A couple of examples:

  • Baselines in forest conservation projects. In these projects the baseline relies on determining how likely it is that a forest would have been cut down without the project existing, how many trees would be impacted, and how quickly that would happen. We can look at current rates of deforestation, compare to similar forest scenarios, conduct research with current landowners about their plans – but there’s always uncertainty involved in any approach. It’s common to see forestry conservation projects modelled against a baseline scenario where the landowner rapidly and aggressively cuts down their trees to harvest timber, which is an unrealistic scenario – and is one of the reasons that many forest conservation projects have been found to have additionality problems.

  • Baselines in renewable energy projects. Wind and solar has scaled up massively in recent years, and the technology and materials are now readily available and fairly affordable to implement – leaving question marks on technological additionality. Many governments also have incentives in place for scaling up renewables, bringing doubts in terms of policy additionality and the availability of alternative funding models.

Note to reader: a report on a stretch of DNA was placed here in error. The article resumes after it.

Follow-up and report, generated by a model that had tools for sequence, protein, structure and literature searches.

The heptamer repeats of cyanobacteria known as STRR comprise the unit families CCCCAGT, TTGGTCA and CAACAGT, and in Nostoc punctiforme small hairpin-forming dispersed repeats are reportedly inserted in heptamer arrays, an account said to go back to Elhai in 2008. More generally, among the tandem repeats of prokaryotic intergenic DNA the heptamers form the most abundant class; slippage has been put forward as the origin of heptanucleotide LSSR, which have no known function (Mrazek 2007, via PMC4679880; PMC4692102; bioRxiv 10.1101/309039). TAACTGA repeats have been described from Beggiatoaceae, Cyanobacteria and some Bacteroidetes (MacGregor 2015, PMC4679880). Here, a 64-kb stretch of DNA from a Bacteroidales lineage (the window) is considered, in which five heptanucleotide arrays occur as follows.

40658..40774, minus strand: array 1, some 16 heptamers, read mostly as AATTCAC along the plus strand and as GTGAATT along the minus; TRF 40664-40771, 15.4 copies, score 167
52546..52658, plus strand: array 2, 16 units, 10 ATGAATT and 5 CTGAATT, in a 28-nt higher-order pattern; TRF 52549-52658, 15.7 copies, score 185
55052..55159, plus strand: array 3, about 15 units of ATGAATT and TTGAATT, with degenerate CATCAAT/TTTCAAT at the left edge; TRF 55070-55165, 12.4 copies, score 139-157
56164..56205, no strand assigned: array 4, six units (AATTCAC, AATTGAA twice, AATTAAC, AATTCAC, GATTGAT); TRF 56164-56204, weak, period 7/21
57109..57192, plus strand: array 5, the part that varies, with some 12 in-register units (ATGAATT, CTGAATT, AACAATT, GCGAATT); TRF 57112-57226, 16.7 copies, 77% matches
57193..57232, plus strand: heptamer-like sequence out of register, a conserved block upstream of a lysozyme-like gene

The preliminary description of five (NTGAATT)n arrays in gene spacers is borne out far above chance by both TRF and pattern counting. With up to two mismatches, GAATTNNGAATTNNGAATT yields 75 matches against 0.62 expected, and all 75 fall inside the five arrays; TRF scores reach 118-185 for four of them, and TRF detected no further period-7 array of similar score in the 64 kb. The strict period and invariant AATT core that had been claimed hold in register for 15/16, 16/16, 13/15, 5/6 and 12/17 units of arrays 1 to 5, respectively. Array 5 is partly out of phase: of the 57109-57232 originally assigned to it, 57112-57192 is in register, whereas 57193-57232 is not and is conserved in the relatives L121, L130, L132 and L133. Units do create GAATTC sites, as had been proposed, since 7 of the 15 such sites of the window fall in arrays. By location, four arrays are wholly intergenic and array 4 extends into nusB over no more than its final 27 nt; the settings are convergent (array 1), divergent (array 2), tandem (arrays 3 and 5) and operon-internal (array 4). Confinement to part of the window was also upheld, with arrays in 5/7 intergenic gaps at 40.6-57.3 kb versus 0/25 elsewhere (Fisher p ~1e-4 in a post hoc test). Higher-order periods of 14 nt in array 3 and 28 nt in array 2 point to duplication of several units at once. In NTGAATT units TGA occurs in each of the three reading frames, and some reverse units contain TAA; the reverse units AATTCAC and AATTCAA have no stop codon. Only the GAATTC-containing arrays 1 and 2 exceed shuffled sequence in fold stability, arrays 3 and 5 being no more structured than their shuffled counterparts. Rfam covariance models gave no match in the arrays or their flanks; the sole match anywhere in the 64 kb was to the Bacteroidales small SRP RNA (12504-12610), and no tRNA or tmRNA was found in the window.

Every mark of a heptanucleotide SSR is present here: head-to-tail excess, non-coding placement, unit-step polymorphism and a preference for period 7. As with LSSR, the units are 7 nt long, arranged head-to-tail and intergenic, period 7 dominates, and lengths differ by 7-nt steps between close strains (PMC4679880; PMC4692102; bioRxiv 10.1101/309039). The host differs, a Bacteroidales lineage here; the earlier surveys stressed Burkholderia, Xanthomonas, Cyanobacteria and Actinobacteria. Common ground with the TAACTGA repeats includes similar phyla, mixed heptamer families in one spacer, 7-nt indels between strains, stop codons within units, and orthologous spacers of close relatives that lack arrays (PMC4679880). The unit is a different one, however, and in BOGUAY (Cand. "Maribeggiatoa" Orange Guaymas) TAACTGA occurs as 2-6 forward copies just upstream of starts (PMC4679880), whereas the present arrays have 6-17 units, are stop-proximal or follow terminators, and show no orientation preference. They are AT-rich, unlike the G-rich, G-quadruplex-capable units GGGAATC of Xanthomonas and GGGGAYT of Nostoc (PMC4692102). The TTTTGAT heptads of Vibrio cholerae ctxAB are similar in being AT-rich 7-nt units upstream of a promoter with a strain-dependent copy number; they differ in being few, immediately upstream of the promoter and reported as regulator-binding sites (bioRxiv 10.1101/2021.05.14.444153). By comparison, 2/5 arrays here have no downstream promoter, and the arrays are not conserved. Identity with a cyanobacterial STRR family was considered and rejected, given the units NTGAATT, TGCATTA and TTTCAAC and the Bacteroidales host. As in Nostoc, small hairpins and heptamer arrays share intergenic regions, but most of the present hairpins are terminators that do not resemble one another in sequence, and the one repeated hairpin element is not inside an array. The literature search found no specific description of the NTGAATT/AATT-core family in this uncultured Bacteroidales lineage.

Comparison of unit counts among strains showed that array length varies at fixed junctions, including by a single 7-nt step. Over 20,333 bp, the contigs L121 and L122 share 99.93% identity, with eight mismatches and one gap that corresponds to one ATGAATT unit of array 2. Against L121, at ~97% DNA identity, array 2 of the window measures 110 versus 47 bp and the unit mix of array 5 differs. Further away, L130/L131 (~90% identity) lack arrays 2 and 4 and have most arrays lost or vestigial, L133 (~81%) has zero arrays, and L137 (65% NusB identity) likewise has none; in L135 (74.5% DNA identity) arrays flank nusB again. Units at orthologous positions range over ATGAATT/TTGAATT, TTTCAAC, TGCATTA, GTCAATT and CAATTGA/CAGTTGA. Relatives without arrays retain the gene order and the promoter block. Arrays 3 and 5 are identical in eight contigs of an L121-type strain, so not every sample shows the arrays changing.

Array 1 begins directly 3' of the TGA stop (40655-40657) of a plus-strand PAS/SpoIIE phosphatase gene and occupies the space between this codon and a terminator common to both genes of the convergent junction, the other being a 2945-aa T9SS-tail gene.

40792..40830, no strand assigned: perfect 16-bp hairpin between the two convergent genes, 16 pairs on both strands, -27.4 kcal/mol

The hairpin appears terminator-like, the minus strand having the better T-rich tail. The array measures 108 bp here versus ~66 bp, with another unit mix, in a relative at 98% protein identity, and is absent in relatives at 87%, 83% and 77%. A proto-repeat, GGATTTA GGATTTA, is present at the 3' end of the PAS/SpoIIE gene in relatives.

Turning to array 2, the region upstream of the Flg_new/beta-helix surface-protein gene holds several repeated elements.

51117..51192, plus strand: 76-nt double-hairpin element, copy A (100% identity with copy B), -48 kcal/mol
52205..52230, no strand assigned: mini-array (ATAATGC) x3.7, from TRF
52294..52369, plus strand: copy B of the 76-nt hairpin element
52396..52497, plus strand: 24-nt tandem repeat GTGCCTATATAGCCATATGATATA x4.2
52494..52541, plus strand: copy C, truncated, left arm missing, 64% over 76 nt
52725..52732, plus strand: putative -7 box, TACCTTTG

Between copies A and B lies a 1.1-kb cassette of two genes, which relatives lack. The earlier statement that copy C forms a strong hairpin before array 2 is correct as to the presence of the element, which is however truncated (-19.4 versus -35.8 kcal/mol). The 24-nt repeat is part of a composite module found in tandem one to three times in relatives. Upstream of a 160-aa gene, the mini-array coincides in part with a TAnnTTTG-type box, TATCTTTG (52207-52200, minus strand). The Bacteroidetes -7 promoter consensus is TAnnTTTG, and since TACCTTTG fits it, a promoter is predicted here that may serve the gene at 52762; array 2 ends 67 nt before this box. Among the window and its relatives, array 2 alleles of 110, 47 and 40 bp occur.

There’s no questioning that preserving forests and increasing availability of renewable energy are vital projects. But, as carbon offset projects, they can be problematic in terms of proving the additional benefit that selling carbon credits in them creates.

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On the other hand, for innovative carbon removal technologies, it’s very easy to prove additionality: